A few months ago, a accumulation of curators visited Sandy and Bram Dijkstra in their artfull Del Mar home.
They wandered around, looked at paintings and chose nine works that became the Timken Building of Art’s exhibition “Captivating Women from the Dijkstra Collection,” active through May 10.
The title’s answer — captivating, not adorable or arresting — conveys the show’s accumulation theme: women ensnared, ensnaring. Often, and in advantageous ways, both.
These paintings, which amount a few decades about the about-face of the 19th aeon and the alpha of the 20th, may be nine, but their access and contrasts of style, subject, mood, address and academy actualize exponential depth.
After their visit, the curators headed aback to campus.
These weren’t your accustomed building professionals. They weren’t alike MFA acceptance or all art history majors, but undergraduates at the University of San Diego enrolled in an constituent about the history and attitude of art accession accomplished by Derrick Cartwright, who is a assistant there and the Timken’s administrator of curatorial affairs.
The aftereffect isn’t your accustomed building exhibition. The Timken’s proportions, for one, are abnormally able-bodied ill-fitted for seeing works sourced from a clandestine collection, as the amplitude they are displayed in feels human, accessible. Quartet, not orchestra; chapel, not cathedral.
The exhibition has additionally challenged and broadcast the role and abeyant of a museum, both by involving acceptance and agreeable the accessible in means that art institutions don’t typically. Admission to “Captivating Women,” as to the absolute Timken, is free.
The students’ contributions, too, from art selections to bank blush proposals, were beginning and sometimes surprising, Cartwright said. They commutual a nude by Belle Baranceanu with a composition by Mary Oliver.
“That’s not article best bookish curators would anticipate about doing,” Cartwright said, abacus he was “really delighted” by their ideas.
The Dijkstras, he said, “are accession altered kinds of altar and putting calm a absolutely absorbing accumulating that we can apprentice from.”
“Lee,” 1928, by Belle Baranceanu
(Courtesy photo / From the Dijkstra Collection)
Julia Gonzalez, a chief belief beheld arts and art history, was herself captivated by Baranceanu’s 1928 oil of a woman in a clandestine moment.
Its “intimate ambience and the audible bristling brushwork assorted by abysmal dejected outlines” anon bent the group’s analytical eyes. “The faculty of address that Baranceanu absolute into her accountable activity about her circadian activity is one of the painting’s best arresting qualities,” she said.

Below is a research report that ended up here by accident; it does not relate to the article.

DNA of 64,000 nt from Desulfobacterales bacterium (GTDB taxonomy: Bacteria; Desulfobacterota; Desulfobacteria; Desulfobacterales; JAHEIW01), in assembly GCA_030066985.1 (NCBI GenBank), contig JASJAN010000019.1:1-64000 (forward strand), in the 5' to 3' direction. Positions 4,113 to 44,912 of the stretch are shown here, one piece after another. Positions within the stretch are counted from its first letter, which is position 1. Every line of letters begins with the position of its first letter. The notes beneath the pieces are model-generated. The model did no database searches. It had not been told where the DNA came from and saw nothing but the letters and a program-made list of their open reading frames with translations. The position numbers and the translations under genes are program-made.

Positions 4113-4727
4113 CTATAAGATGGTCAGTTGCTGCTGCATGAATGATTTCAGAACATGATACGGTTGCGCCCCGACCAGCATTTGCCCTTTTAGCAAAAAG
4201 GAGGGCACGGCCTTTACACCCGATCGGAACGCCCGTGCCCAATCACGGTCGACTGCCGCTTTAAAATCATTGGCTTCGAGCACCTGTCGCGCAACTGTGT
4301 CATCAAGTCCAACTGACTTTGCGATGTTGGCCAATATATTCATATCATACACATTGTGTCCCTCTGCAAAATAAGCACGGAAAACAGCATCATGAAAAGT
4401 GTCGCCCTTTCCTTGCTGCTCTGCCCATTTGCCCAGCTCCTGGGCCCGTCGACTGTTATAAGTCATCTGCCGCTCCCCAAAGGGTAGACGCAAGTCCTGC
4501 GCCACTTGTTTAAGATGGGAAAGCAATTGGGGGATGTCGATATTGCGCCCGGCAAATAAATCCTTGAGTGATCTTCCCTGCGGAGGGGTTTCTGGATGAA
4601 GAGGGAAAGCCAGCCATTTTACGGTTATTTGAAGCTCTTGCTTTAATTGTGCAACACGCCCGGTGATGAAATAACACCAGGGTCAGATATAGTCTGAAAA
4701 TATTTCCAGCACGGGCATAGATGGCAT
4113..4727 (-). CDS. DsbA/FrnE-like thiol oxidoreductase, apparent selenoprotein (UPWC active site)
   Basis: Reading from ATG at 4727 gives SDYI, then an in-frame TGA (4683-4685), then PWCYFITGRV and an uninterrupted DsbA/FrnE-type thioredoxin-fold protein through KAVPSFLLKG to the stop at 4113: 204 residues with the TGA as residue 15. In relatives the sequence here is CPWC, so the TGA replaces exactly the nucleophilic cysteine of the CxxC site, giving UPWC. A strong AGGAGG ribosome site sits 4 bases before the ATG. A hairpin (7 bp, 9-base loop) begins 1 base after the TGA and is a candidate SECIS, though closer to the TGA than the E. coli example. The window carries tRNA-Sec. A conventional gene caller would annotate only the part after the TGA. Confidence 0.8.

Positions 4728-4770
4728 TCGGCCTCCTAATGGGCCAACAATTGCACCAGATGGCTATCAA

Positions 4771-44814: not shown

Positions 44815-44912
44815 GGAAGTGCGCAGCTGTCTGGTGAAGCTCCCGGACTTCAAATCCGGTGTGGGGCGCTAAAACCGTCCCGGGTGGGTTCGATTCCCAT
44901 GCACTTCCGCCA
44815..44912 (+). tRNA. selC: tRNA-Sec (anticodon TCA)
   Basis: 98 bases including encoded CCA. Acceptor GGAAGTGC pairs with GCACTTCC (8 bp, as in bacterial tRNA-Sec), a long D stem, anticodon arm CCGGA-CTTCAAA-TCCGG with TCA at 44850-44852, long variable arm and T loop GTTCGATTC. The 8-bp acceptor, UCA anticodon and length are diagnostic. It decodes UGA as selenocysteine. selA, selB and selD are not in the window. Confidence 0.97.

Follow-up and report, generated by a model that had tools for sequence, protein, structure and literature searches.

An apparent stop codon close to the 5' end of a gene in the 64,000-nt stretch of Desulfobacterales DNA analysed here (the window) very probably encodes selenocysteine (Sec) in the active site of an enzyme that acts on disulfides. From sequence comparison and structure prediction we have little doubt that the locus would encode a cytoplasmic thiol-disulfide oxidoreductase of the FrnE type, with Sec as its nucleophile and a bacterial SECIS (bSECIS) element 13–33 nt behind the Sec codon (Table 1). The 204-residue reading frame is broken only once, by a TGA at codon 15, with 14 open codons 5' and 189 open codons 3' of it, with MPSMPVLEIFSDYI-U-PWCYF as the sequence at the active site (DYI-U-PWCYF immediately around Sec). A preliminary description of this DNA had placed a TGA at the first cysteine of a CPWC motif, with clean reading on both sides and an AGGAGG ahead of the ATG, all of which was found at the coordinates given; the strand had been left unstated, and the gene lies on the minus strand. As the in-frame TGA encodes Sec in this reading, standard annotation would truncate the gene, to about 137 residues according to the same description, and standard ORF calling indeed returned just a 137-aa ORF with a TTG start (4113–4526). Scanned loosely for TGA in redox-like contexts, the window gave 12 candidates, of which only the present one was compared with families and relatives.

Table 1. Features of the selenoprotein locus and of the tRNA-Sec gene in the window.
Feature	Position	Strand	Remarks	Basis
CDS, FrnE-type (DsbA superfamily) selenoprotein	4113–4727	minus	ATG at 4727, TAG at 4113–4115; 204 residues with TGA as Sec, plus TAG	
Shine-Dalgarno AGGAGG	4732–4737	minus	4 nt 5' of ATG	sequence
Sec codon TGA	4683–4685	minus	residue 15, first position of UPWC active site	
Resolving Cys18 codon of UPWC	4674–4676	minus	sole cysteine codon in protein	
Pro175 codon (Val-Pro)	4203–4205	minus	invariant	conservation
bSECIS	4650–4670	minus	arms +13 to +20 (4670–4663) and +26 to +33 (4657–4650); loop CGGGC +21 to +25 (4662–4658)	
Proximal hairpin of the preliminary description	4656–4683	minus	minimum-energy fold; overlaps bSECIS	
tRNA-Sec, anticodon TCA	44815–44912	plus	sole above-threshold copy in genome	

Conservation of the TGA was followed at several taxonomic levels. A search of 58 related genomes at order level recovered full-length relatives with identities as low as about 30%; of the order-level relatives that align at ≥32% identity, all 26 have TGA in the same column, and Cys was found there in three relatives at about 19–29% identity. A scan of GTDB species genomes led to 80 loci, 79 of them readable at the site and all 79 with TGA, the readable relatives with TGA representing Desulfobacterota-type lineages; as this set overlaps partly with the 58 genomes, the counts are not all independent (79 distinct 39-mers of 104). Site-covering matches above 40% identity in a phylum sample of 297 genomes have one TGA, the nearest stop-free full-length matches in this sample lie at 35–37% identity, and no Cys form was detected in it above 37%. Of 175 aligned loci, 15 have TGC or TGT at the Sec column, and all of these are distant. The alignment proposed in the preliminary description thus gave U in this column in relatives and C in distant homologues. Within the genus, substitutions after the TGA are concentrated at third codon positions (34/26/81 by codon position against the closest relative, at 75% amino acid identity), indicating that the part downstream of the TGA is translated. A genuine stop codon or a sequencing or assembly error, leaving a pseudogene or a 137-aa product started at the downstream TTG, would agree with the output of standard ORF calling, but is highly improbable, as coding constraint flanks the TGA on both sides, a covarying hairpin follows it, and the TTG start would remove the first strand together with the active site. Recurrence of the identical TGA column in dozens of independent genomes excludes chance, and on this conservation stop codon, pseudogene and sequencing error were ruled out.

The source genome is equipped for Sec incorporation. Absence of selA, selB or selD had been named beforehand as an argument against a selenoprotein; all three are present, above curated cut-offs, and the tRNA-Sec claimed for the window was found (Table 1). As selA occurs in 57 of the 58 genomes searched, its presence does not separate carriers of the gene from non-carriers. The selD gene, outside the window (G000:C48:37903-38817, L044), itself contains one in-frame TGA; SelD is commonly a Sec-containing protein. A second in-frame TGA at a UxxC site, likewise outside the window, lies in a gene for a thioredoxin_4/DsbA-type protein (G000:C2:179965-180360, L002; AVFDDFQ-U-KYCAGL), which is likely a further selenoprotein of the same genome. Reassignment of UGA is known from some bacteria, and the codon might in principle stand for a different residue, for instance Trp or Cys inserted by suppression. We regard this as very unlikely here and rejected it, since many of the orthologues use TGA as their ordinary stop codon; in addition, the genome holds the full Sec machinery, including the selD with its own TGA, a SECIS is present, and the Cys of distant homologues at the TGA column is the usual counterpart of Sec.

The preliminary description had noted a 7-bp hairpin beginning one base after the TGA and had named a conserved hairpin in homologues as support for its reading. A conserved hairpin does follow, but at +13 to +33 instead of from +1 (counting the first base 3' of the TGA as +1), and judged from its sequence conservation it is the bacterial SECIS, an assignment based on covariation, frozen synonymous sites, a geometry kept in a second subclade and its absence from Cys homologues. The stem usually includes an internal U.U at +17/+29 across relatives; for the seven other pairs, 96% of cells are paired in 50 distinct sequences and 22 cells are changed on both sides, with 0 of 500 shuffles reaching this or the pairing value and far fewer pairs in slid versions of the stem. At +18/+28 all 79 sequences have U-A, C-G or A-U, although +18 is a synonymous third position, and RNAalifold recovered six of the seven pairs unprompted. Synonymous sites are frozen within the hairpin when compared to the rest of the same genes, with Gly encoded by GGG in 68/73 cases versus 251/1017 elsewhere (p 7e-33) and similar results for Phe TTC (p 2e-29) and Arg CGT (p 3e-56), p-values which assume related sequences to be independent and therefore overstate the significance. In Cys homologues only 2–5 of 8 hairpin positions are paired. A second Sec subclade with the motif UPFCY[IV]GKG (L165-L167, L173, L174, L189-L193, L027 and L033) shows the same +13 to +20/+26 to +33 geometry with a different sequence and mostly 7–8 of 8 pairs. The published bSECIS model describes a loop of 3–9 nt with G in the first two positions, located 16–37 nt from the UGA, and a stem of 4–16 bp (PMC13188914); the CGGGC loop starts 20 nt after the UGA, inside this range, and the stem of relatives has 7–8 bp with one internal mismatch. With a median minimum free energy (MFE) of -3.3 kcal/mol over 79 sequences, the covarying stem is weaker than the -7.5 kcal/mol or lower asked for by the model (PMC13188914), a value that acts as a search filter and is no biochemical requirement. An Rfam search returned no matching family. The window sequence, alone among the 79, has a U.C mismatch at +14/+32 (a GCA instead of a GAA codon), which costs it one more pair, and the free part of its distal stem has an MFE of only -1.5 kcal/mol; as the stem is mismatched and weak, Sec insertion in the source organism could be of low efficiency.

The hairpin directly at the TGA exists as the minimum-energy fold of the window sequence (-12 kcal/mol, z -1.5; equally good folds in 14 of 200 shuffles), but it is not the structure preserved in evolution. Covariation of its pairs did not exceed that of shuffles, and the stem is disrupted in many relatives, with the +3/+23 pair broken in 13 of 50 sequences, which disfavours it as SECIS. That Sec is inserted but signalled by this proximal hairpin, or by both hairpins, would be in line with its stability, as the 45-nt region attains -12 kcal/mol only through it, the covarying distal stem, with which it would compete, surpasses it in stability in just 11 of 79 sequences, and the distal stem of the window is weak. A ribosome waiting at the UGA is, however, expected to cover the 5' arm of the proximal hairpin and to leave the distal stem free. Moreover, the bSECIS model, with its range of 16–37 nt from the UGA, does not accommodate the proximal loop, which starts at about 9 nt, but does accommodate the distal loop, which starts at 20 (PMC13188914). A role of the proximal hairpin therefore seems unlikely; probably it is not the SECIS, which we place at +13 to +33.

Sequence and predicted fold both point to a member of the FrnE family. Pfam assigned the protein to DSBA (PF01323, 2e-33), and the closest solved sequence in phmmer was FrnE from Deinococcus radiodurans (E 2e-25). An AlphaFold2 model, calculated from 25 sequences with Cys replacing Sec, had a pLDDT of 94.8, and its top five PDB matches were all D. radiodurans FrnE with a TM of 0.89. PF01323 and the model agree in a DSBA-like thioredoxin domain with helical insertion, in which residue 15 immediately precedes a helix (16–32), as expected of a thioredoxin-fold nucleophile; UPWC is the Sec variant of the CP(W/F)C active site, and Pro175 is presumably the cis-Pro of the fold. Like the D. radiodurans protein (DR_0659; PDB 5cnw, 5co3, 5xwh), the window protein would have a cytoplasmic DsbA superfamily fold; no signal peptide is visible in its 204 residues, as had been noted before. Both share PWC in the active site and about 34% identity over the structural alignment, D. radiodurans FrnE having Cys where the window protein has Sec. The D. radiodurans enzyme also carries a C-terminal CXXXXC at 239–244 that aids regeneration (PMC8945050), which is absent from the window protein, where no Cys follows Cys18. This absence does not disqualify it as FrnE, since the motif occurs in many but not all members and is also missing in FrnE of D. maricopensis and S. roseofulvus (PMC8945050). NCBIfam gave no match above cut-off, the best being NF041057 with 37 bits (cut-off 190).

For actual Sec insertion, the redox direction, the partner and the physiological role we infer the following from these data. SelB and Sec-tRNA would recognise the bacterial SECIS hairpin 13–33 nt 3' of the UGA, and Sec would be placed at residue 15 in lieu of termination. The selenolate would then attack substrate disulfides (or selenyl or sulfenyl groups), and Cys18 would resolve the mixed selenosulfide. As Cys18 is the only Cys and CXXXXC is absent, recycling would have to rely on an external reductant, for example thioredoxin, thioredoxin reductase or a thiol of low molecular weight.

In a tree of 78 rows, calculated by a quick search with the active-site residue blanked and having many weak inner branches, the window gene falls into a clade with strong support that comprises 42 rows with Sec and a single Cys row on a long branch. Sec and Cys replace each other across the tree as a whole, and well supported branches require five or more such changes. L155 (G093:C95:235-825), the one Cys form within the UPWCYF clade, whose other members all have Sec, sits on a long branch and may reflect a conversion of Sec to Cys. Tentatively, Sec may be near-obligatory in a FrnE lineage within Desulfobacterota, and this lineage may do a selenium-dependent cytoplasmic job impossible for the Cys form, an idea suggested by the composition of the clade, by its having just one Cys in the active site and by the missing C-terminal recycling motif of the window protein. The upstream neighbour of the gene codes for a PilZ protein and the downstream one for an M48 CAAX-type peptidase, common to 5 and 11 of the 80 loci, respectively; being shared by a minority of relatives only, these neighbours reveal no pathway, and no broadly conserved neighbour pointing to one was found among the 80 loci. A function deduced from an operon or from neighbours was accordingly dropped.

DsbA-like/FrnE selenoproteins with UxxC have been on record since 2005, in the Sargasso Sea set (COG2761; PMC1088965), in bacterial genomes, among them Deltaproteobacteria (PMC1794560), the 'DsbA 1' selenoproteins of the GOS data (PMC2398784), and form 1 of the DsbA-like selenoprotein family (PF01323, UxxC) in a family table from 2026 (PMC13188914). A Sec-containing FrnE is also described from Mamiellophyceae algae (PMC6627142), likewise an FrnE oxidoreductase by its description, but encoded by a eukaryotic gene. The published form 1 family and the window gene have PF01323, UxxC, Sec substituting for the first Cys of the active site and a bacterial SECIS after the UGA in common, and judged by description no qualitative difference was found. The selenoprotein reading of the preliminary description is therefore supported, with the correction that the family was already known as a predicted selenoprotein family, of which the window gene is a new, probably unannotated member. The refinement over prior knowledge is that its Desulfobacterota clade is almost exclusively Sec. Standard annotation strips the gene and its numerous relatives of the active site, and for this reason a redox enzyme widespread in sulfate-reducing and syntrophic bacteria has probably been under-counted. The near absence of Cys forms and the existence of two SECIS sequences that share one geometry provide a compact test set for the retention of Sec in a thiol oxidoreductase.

Gonzalez is acquisitive for a building job back she graduates. Collaboratively curating “Captivating Women” was both “difficult” and “very rewarding.”
Sandy Dijkstra, in an account at her abode afore the works catholic to Balboa Park, was absorbed in seeing the paintings “in chat with ceremony other,” off the walls area they commonly adhere amidst by added works. They are “women abundantly from the aforementioned period, with the barring of Belle (Baranceanu) — aerial class, alive class, allegorical and real. To see that chat on the walls of the Timken, to me that’s the excitement.”
Megan Pogue, Timken Building of Art controlling director
In an article angry to the exhibition, Bram Dijkstra, an emeritus assistant of allusive abstract at UC San Diego and an art history scholar, wrote that artists’ portrayals of women became complicated in the backward 19th century: “Inevitably, by the aurora of the 20th century, men’s attempts to about-face women into goddesses of acquiescent and compliant, hyper-pure domesticity, had amorphous to abatement apart.”
Gilbert Gaul’s 1876 “Waiting” is an bare account of a calm artisan in limbo, advancing or abrogation a job. Not romanticized, this adolescent woman ability be a symbol, or she ability aloof be afraid about her tomorrow.
In Wilhelm Vita’s about 1891 “Scheherazade,” the acclaimed captive holds court. He reclines, rapt, as she spins her tale, but he has the power. One amiss artifice twist, and she’s dead.
Or does he accept the power? Bram Dijkstra said the painter conceivably fabricated a point with the way he airish Absolutist Franz Josef, casting in the role of the king. Vita ability accept been suggesting the absolutist was too focused on the mythologized “Orient” at a time back his authority bare attention.
Despite its size, or maybe because of it, this painting will accolade analysis up close. Vita assorted how abundant detail he formed into the canvas, abrogation some areas added intricate and accomplished than others.
Both paintings acquaint belief of women at work, in a sense. They assignment to absolve the air they breathe, the amplitude they booty up in the world, on the canvas — which connects them to the added women in this exhibition, whether as painters or as characters in their beheld vignettes.
Megan Pogue, the Timken’s controlling director, said the exhibition fits with the museum’s history. It was founded based on the accession practices of three sisters, Amy, Anne and Irene Putnam. The appearance ties, as well, into a ceremony of the Year of the Woman, ceremony the 100th ceremony of the 19th Amendment.
“‘Captivating Women’ embraces this affiliation by featuring the roles of women in art history and, currently, on the Timken’s walls,” she said.
When: Through May 10
Where: Timken Building of Art, 1500 El Prado, Balboa Park
Phone: (619) 239-5548
Popescu, an accessory autograph assistant at the University of San Diego, is a freelance writer.
“Salome,” 1890, by Ella Ferris Pell
(Courtesy photo / From the Dijkstra Collection)
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